Mike Smith: Dr. Veith, let’s talk about a few specific vocations that probably apply to our listeners. Can you explain how marriage is a vocation?

Dr. Gene Edward Veith: Well, marriage is the only vocation where we only have one neighbor that we’re to love and serve! For a husband, in marriage, his calling is to love and serve his wife. And her calling in marriage is to love and serve her husband.

And Scripture talks about this in so many ways! In Ephesians 5, it talks about, for one thing, how Christ is present in marriage. And, again, in all vocations, God is active in all of these callings. In Ephesians 5, wives are told to love their husbands, to serve their husbands, as the Church does to Christ. That’s how they’re loving and serving their husbands.

Husbands are told to love and serve their wives by, as it says in Ephesians, “Husbands love your wives as Christ loved the Church and gave Himself up for her.”

So in that pattern, in the different ways, in the different roles, it’s a pattern of loving and serving the person you’re married to. And, in a way, that sums up everything about marriage. And also Christ is in marriage, as another vocation, and the more we live out our calling, I think, the more we’ll see that Christ is at work in marriage.

Mike: Thank you, Dr. Veith—that concept of mutual love and service could really make a difference in how husbands and wives fulfill their callings within marriage. And until next time, I’m Mike Smith.

Mike Smith: Dr. Veith, to wrap up this week’s discussion on vocation, let’s focus on one especially important to us at HSLDA—the vocation of parenthood.

Dr. Gene Edward Veith: Well, parenthood is something that God uses to create new life—not just new lives, but new immortal souls for heaven! And so I think parenthood is the most amazing vocation where God is active at work. God gives new life—He does it through the parents. He cares for children, brings them into a knowledge of Him, prepares them, calls them to vocations—all through the working of ordinary mothers and fathers.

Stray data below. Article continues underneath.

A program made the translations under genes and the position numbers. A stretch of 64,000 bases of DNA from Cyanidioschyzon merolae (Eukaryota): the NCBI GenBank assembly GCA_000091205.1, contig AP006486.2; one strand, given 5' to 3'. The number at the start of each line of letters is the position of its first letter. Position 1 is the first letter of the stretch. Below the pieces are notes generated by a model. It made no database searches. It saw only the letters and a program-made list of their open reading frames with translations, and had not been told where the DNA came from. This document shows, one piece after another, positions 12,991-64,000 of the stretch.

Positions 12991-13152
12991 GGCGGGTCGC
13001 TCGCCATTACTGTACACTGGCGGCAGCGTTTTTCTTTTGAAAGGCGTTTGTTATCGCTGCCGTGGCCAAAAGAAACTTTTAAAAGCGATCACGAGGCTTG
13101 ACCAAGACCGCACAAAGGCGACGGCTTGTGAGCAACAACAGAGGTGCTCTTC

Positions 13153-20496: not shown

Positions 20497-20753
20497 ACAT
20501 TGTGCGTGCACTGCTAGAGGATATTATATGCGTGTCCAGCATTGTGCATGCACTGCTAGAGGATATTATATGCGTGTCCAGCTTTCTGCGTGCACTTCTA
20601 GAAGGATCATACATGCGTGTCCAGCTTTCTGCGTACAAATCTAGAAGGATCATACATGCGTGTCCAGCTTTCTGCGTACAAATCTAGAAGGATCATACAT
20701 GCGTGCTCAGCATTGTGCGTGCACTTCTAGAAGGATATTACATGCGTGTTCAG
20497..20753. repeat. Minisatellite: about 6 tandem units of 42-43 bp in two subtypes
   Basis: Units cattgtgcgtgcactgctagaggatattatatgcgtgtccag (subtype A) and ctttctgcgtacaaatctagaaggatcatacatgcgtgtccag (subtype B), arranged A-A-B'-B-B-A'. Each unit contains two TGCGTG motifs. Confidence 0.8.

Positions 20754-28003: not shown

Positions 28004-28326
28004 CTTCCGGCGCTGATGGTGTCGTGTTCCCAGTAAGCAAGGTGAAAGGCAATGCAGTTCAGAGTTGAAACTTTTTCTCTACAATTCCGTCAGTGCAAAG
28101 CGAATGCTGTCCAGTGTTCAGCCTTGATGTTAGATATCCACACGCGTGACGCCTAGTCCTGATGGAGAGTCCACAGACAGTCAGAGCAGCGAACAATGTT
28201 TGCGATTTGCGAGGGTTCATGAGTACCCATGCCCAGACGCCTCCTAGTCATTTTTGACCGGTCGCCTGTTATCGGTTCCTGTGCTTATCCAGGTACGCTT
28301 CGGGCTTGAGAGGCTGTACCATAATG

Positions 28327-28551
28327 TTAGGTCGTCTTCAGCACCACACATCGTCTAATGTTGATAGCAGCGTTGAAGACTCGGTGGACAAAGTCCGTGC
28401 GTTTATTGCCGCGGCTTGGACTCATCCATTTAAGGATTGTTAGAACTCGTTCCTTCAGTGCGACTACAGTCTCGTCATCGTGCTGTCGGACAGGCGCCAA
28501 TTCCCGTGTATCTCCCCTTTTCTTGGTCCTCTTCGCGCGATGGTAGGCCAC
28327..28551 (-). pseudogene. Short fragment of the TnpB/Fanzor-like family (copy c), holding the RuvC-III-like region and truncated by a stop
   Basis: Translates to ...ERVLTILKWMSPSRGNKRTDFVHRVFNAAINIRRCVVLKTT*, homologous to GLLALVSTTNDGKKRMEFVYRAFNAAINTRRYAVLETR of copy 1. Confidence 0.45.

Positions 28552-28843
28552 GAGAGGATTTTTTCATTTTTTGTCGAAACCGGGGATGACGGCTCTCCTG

And since the purpose of vocation is to love and serve your neighbor, in a way, that’s exactly what parenting involves. We love and serve our kids by providing for them, by disciplining them, by bringing them up in the knowledge of the Lord, and by educating them and helping them to find their own callings, where God will work through them in the new generation that He brings to pass.

Mike: Dr. Veith, this has been a fascinating and encouraging topic! I know all our listeners will be blessed by your insights. Thank you for joining us again this week. And until next time, I’m Mike Smith.

Dr. Gene Edward Veith

Prolific author, cultural commentator, and longtime educator Dr. Gene Edward Veith is the provost of Patrick Henry College. Formerly the cultural editor of World magazine, Dr. Veith is well known in Christian, conservative, and homeschooling circles through his writing and speaking on various aspects of Christianity and the culture.

Dr. Veith has been a columnist for World since 1996, accepting a full-time position with the magazine in 2004. The bulk of his career, however, has been invested in Christian higher education. He has served more than 20 years in Christian academia as a professor of English and, for eight years, as dean of the School of Arts & Sciences at Concordia University-Wisconsin.

In addition to his frequent columns for World, which explore the shifting intersection of faith and culture, Dr. Veith has published some 17 books in both scholarly and popular genres, several of which have been translated into foreign languages. His writings number more than 100 scholarly articles, reviews, and papers, including God at Work: Your Christian Vocation in All of LifeChristianity and Literature: The Soul of the Lion, the Witch, and the WardrobeReading between the Lines: A Christian Guide to LiteratureLoving God with All Your Mind: Thinking as a Christian in the Postmodern World; and Postmodern Times: A Christian Guide to Contemporary Thought and Culture.

Dr. Veith is also on the board of directors of Concordia Publishing Company, is a senior fellow at the Capital Research Center, and serves on the executive council of the Alliance of Confessing Evangelicals. He and his wife, Jackquelyn, have three grown children, Paul, Joanna, and Mary.